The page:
The second virtual Investors Council meeting of 2020 was held on Nov. 18 and featured a panel of journalists to answer the question: “What does the 2020 election mean for affordable housing?”
But first, MHP honored seven housing advocates that made a big difference in 2020.
“We succeed in our advocacy work because of the outstanding efforts of people like you,” said MHP’s executive director Anne Mavity.
Those honored on Wednesday include: D’Angelos Svenkenson, Founder & CEO, NEOO
Partners Inc.; Jenny Larson of Three Rivers Community Action; Nelima Sitati Munene of ACER; Asad Aliweyd of New American Development Center; Chad Adams of Southwest Minnesota Housing Partnership; and the Swift County Collaborative. You can read more about these Outstanding Advocates at the MHP Connect blog.
In her remarks, Minnesota Housing Commissioner Jennifer Ho praised those advocates -- and all advocates fighting for housing and shelter.
“Advocacy matters. And with legislative sessions during COVID, it matters even more because we can’t pack the capital or the offices.”
She added, “If there’s one takeaway from my remarks today... I just want to say that advocacy really, really matters. So thank you again to the advocates and to MHP, and Minnesota Coalition for the Homeless, and Homes for All.”
She noted that support and momentum are crucial in this moment when so many people need assistance -- including the $100 million in housing assistance that Minnesota Housing is administering and counties are implementing.
“We need your help supporting the local grant administrators who have seen an overwhelming asks for assistance. The need has not gone away just because the federal support has gone away.”
A panel discussion about the 2021 legislative session’s potential impacts on housing included C Terrance Anderson, Director of Community Programs at CURA; Peter Callaghan from Minnpost, and Briana Bierschbach from the Star Tribune.
“The needs around housing are great,” Anderson said. “We are seeing an intensified reality around housing. Gentrification, disinvestment in communities, and redlining really shaped what is happening today and these are vital to understanding what is happening in Twin Cities.”
Anderson noted that Minnesota is in store for a huge surge in evictions. “We have this moratorium for folks not to be evicted but as soon as that ends, we are in for a tidal wave of evictions.”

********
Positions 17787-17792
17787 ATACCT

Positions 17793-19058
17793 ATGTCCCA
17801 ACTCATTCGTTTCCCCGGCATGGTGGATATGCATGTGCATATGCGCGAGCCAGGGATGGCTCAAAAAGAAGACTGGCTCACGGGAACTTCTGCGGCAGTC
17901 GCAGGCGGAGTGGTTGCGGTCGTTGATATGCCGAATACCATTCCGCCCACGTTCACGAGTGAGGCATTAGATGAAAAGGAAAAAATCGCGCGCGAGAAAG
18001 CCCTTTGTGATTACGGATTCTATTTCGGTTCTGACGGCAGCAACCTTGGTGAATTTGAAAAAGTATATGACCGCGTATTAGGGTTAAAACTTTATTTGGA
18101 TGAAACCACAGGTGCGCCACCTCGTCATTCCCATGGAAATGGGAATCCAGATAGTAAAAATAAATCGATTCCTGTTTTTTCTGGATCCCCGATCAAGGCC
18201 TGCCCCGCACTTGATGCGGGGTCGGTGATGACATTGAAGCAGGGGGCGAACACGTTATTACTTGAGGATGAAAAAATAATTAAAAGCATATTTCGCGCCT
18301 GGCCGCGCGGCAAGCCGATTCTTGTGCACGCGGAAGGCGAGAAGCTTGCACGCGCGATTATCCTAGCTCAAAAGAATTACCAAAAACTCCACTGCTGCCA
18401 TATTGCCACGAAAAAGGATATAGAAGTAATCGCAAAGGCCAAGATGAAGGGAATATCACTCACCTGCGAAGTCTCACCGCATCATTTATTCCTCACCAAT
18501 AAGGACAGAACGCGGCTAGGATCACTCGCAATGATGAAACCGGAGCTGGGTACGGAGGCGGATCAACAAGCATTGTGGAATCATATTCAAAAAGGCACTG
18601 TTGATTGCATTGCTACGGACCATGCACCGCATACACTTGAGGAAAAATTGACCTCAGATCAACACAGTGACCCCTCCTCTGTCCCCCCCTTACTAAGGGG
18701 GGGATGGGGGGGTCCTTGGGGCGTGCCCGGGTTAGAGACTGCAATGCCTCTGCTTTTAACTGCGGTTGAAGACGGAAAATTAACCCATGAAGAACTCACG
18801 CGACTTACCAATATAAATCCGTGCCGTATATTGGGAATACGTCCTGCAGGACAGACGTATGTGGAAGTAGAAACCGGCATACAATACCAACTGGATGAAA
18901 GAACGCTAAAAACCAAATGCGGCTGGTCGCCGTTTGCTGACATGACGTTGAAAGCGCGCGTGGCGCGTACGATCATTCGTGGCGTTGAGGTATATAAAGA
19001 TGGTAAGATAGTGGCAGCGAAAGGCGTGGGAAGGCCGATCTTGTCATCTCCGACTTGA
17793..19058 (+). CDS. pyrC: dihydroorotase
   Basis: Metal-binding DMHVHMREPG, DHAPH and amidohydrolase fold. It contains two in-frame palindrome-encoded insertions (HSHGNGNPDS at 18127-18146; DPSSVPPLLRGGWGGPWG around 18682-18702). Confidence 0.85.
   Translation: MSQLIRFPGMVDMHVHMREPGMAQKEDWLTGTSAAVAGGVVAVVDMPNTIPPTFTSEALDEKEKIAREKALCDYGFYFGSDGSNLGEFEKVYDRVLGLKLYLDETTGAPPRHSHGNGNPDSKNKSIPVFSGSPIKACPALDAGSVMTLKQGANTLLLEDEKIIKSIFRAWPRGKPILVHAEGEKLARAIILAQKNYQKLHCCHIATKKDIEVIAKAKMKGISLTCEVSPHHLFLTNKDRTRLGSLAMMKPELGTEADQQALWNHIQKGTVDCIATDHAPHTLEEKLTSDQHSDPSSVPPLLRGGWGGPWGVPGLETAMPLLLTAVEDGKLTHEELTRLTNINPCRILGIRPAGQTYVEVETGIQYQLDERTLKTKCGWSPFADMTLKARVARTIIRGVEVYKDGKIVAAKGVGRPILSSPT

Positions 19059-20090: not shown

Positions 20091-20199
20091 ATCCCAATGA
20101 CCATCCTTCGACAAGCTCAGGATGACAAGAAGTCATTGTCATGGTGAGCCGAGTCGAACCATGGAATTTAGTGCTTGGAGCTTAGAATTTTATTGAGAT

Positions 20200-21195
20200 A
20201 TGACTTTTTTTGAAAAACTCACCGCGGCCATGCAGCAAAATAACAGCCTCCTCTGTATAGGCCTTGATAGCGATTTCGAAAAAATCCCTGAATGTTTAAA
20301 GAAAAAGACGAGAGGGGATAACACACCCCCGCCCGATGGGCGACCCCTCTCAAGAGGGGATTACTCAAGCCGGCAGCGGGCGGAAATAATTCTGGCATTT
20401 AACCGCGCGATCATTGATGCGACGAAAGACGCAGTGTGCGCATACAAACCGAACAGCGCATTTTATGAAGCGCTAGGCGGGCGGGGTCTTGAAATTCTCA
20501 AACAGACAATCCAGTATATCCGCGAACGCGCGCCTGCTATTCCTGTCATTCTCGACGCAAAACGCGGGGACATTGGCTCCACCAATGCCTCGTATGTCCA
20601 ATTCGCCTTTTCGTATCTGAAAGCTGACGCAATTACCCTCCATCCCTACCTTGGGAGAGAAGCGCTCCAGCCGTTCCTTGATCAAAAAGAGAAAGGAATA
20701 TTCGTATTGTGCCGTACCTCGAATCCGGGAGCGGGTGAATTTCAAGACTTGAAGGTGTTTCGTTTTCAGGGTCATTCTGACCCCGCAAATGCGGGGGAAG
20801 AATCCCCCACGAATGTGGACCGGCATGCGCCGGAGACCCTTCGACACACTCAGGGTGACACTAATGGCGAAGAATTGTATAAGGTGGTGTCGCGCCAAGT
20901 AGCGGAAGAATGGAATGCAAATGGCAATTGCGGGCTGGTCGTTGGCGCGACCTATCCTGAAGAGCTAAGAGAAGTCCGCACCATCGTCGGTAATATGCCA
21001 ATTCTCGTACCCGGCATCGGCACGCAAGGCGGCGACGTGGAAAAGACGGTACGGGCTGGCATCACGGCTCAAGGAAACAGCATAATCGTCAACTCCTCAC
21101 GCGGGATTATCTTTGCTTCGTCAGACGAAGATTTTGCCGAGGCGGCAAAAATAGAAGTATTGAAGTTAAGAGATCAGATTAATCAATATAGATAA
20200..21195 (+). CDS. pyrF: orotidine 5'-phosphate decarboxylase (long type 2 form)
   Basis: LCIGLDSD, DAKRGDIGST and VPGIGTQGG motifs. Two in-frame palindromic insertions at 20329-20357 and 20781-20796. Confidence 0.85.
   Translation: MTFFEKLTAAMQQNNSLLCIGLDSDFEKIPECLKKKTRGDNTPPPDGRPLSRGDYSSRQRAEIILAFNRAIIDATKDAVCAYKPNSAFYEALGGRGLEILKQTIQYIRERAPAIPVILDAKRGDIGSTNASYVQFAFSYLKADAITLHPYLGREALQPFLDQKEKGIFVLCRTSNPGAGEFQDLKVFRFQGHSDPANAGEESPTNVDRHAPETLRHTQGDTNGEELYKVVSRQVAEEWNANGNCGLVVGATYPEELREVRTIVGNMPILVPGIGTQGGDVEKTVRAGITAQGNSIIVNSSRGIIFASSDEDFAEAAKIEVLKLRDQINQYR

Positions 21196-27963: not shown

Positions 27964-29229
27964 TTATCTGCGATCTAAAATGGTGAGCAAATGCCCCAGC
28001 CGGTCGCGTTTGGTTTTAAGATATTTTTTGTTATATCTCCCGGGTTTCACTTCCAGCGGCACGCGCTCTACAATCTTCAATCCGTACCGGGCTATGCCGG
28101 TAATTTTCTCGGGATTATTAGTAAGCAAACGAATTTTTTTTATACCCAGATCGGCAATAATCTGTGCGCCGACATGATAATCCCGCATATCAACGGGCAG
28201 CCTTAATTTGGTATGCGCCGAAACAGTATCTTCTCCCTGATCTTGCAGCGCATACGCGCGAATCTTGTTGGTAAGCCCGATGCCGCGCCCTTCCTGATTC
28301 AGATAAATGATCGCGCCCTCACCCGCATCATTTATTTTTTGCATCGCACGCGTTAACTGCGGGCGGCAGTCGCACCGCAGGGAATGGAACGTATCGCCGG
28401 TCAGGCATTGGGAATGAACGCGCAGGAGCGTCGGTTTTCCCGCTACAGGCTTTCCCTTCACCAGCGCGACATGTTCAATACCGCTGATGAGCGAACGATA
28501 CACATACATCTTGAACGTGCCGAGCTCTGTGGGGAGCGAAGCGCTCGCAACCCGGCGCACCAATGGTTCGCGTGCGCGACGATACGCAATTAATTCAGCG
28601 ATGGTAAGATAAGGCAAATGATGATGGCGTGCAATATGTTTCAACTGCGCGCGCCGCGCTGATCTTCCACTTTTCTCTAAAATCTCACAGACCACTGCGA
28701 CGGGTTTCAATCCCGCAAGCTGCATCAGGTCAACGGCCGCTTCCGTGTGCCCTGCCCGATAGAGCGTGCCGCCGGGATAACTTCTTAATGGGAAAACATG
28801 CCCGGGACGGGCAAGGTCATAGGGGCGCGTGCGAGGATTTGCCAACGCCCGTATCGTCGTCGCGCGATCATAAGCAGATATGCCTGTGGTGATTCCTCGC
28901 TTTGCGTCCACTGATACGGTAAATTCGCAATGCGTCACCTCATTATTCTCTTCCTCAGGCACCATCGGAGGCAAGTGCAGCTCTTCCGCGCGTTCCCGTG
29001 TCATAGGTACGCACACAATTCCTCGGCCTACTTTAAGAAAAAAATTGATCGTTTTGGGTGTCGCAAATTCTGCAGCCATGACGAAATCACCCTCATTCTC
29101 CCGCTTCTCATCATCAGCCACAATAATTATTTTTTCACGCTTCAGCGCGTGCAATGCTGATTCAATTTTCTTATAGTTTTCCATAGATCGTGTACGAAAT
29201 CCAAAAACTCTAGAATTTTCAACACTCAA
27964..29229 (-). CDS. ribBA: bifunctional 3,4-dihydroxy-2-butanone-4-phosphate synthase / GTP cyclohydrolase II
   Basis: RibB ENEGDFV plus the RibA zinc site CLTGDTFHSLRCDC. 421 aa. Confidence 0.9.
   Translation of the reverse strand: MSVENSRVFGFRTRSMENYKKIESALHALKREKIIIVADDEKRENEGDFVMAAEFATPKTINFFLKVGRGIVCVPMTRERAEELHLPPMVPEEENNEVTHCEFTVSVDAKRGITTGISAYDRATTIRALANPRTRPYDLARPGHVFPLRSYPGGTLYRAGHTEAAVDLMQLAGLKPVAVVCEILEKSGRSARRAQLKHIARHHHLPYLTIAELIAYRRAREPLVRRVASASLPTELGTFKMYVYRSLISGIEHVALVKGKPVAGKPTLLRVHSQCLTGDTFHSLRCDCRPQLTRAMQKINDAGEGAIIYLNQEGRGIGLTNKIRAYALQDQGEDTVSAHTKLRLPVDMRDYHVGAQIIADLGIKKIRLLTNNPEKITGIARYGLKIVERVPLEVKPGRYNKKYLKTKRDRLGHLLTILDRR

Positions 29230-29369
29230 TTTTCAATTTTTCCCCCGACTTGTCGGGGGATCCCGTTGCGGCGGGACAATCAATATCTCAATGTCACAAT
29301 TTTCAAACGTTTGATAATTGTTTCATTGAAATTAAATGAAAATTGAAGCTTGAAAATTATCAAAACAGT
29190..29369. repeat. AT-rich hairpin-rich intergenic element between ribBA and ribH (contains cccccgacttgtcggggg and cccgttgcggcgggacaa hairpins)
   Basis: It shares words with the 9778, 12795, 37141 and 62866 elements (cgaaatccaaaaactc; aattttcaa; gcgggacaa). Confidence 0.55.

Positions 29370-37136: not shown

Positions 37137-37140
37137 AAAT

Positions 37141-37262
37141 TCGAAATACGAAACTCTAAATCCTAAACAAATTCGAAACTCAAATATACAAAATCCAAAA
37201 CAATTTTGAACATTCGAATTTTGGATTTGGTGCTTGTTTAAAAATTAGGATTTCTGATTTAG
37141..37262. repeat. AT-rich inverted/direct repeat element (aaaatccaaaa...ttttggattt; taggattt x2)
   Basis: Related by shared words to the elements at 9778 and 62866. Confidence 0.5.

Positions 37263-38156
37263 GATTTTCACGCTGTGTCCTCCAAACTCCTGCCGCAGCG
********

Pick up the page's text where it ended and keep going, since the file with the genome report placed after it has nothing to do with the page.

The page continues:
He said policy solutions can help alleviate that including extending the evictions filing timeline and enacting financial assistance. “Renters need more time to reconcile with landlords and a lot more help from the feds and state.”
On how lawmakers and decision-makers view racial disparities in housing, Anderson said, “I think everybody's politics should have changed post-George Floyd,” he said. “The priorities are quite clear about BIPOC communities: Employment, education, and housing. The opportunities are there and the ideas are there but will they be prioritized?”
Peter Callaghan of Minnpost noted that some bonding could happen. “Is there appetite for another bonding bill? They've always done a smaller bonding bill in the odd year -- the first year of the legislative. And they would have last time if they were so tied up in partisan disputes.”
He added, “Housing has not been a controversial vote on bonding. If there’s a bonding bill I would anticipate there would be housing money in it.”
But, he said, it could get complicated. “Republicans have pushed for the addition of housing regulatory reform to any additional bonding money. I think that will happen again.”
Briana Bierschbach from the Star Tribune noted that the upcoming session will be tough.
“These people find ways to disagree even on things they agree on.”
She agreed that political realities changed after the George Floyd uprisings and that there’s a broader consensus among Republicans -- especially Paul Gazelka who met with families who lost loved ones to police brutality.
In addition, she said, “The pandemic has hit people that are vulnerable the hardest and taken all these issues in our society and made them visible for everyone.”
But, most issues will be a tough sell in 2021. “When things are really hard, legislators tend to get done only what they have to get done. There will be so many battles just to respond to the pandemic, just to get a budget passed. A lot of issues probably won’t get attention.”
The conversation was much deeper, insightful, and complex than can be captured in this blog so be sure to watch it here:
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